ABSTRACT. Aboriginal and non-Aboriginal notions of geography, nature and space sometimes compete, and these differences can create barriers to joint environmental problem-solving. This paper examines the Ardoch Algonquin First Nation and Allies (AAFNA) and the strategies they used in juridical and legislative settings to make their voices heard. In the Tay River Ontario Environmental Review Tribunal (2000,2002), AAFNA attempted to introduced their knowledge of the environmental deterioration which would be caused by a Permit To Take Water issued to a multinational corporation by the Ontario Ministry of Environment. The paper is divided into two parts: first, it describes the concepts of Algonquin knowledge, jurisdiction and responsibility; second, it explores the strategies used to integrate their perspective into legal proceedings constructed by the Canadian government. This case reveals how some Algonquin people conceive of space and responsibility in deeply ecological, rather than narrowly juridical, terms. It establishes that their broad concepts of knowledge, land and jurisdiction are incompatible with existing Euro-Canadian divisions of legal responsibility and ecological knowledge, but at the same time can serve as the means by which they challenge the current structure of Aboriginal and Canadian relations. [source]


Stretching the Effectiveness of Analogical Training in Negotiations: Teaching Diverse Principles for Creating Value

NEGOTIATION AND CONFLICT MANAGEMENT RESEARCH, Issue 2 2008
Simone Moran
Abstract The present research adapts analogical training to teach negotiators broad concepts of creating value. Recent research has shown specific analogical training, wherein negotiators draw analogies between different cases involving the same strategy, to be effective for learning and transferring specific value-creating strategies. The current results endorse the approach that analogical training can be a valuable tool for teaching negotiation, but argue that it can be enhanced by considering the breadth of the negotiation concepts that are learned. Diverse analogical training, wherein negotiators compare several different value-creating strategies, was shown to be more effective for learning broad underlying value-creating principles. This method facilitated transfer to a distinctive task and improved performance on a variety of value-creating strategies, including some that were not previously trained. The improved performance was also accompanied by enhanced understanding of the potential to create value. [source]


EPISTEMOLOGICAL CONSIDERATIONS ON NEUROIMAGING , A CRUCIAL PREREQUISITE FOR NEUROETHICS

BIOETHICS, Issue 6 2009
CHRISTIAN G. HUBER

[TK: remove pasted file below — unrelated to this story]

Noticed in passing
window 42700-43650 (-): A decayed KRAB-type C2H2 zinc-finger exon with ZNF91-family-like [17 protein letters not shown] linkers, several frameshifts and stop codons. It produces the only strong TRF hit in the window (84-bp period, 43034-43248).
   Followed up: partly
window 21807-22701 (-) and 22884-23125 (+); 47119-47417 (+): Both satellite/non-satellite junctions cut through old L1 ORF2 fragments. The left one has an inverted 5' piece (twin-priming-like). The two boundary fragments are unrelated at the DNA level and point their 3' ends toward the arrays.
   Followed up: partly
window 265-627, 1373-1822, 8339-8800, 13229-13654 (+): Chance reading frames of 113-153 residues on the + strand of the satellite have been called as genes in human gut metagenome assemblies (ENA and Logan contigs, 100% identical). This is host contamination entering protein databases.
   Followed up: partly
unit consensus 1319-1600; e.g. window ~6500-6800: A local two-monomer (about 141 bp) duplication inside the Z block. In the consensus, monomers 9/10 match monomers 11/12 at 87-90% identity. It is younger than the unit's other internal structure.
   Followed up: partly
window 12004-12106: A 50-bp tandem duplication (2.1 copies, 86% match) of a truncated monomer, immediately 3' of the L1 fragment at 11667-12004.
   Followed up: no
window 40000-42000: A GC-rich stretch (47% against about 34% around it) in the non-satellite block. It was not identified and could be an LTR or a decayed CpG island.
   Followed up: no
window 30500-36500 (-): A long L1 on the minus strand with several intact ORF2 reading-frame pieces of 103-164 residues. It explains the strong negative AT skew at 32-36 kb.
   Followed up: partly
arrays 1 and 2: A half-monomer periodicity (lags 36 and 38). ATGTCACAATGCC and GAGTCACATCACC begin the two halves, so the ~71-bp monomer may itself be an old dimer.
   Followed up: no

ABSTRACT Purpose: Whereas ethical considerations on imaging techniques and interpretations of neuroimaging results flourish, there is not much work on their preconditions. In this paper, therefore, we discuss epistemological considerations on neuroimaging and their implications for neuroethics. Results: Neuroimaging uses indirect methods to generate data about surrogate parameters for mental processes, and there are many determinants influencing the results, including current hypotheses and the state of knowledge. This leads to an interdependence between hypotheses and data. Additionally, different levels of description are involved, especially when experiments are designed to answer questions pertaining to broad concepts like the self, empathy or moral intentions. Interdisciplinary theoretical frameworks are needed to integrate findings from the life sciences and the humanities and to translate between them. While these epistemological issues are not specific for neuroimaging, there are some reasons why they are of special importance in this context: Due to their inferential proximity, ,neuro-images' seem to be self-evident, suggesting directness of observation and objectivity. This has to be critically discussed to prevent overinterpretation. Additionally, there is a high level of attention to neuroimaging, leading to a high frequency of presentation of neuroimaging data and making the critical examination of their epistemological properties even more pressing. Conclusions: Epistemological considerations are an important prerequisite for neuroethics. The presentation and communication of the results of neuroimaging studies, the potential generation of new phenomena and new ,dysfunctions' through neuroimaging, and the influence on central concepts at the foundations of ethics will be important future topics for this discipline. [source]